Marijuana and Music in the 20th Century
Last Updated on Monday, 11 August 2014 01:46
Written by theglasshousetx
Monday, 11 August 2014 01:46
Marijuana has been a part of music history for as long as anyone can remember. It opens up the mind in new ways, allows us to listen differently, and gives musicians the opportunity to go beyond theory and technique into what’s almost a new dimension of creativity. Years ago, Cannabis Culture published a four-part history of marijuana and music in the 20th century. We stumbled upon it recently and thought it was so fascinating, you might like a highlights reel.
Writer Russell Cronin starts with the jazz era, which took place in the early 1900’s. The most highly-regarded jazz musicians, including Louis Armstrong and Dizzy Gillespie, had improvised under the influence for 40 or 50 years. That’s what made them jazz musicians, according to a pharmacologist at the time – “they could jazz things up, liven them up.” Before he was known as the politician and activist, Malcolm X sold reefer to these guys.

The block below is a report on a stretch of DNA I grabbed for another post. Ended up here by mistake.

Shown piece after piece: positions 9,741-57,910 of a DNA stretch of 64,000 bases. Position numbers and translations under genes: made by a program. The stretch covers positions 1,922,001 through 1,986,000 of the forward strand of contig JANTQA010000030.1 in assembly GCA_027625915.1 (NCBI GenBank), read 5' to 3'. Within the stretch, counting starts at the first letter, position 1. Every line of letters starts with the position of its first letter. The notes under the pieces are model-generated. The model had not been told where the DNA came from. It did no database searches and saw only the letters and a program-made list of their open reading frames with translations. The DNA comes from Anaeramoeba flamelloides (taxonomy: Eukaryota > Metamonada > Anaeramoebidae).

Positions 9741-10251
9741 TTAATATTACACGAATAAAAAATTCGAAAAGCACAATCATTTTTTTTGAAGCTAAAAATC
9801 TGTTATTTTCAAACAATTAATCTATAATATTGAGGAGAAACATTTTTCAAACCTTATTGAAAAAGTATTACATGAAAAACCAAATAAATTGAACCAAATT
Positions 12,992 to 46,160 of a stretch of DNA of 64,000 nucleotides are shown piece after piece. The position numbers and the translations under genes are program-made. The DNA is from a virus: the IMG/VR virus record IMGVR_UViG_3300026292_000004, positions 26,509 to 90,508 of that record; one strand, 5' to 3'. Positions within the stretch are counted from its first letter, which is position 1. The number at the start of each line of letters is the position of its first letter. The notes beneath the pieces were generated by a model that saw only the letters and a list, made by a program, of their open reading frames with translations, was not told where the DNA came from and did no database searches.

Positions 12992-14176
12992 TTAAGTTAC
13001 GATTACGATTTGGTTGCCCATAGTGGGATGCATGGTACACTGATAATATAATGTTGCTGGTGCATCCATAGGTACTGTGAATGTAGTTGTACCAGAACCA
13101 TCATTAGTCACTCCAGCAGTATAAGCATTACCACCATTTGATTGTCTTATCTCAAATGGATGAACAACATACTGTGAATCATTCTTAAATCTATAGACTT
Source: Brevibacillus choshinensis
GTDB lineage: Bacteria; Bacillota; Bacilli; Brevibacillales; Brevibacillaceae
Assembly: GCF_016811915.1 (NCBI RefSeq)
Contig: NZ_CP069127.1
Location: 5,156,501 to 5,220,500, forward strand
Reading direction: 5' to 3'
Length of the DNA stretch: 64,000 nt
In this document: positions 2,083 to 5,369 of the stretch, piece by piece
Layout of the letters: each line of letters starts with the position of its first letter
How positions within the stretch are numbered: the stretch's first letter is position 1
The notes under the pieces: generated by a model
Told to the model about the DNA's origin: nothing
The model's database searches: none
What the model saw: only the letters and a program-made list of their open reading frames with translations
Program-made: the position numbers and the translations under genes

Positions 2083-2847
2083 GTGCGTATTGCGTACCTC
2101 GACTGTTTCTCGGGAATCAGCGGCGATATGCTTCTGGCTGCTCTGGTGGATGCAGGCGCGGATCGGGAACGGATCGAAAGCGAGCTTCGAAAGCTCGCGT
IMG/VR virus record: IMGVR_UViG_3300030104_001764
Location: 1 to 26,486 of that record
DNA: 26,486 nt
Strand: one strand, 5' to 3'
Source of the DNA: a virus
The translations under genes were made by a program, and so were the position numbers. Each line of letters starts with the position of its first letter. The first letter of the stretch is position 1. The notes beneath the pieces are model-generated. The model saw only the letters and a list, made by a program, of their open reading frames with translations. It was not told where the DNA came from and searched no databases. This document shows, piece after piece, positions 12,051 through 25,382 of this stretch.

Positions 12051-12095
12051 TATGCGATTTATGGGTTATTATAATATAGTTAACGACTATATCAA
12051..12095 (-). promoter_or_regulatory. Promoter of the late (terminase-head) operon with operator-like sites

After the jazz era, artists like the Beatles and Bob Dylan used cannabis to influence their music, and encouraged listeners to partake in order to better understand the message. John Lennon said that by the mid-1960’s, “The Beatles had gone beyond comprehension. We were smoking marijuana for breakfast. We were well into marijuana and nobody could communicate with us, because we were just glazed eyes, giggling all the time.”
Of course we know about the hippie era, rastafarianism, reggae, and progressive rock along the lines of Led Zeppelin and Pink Floyd. We know about Janis Joplin and Bob Marley, and about Neil Young and the Grateful Dead. Eventually, progressive rock saw the boom of cocaine, and marijuana took a backseat to harder drugs in greater amounts.
Stay tuned for what’s next, and in the meantime, check out parts one and two of the Cannabis Culture series!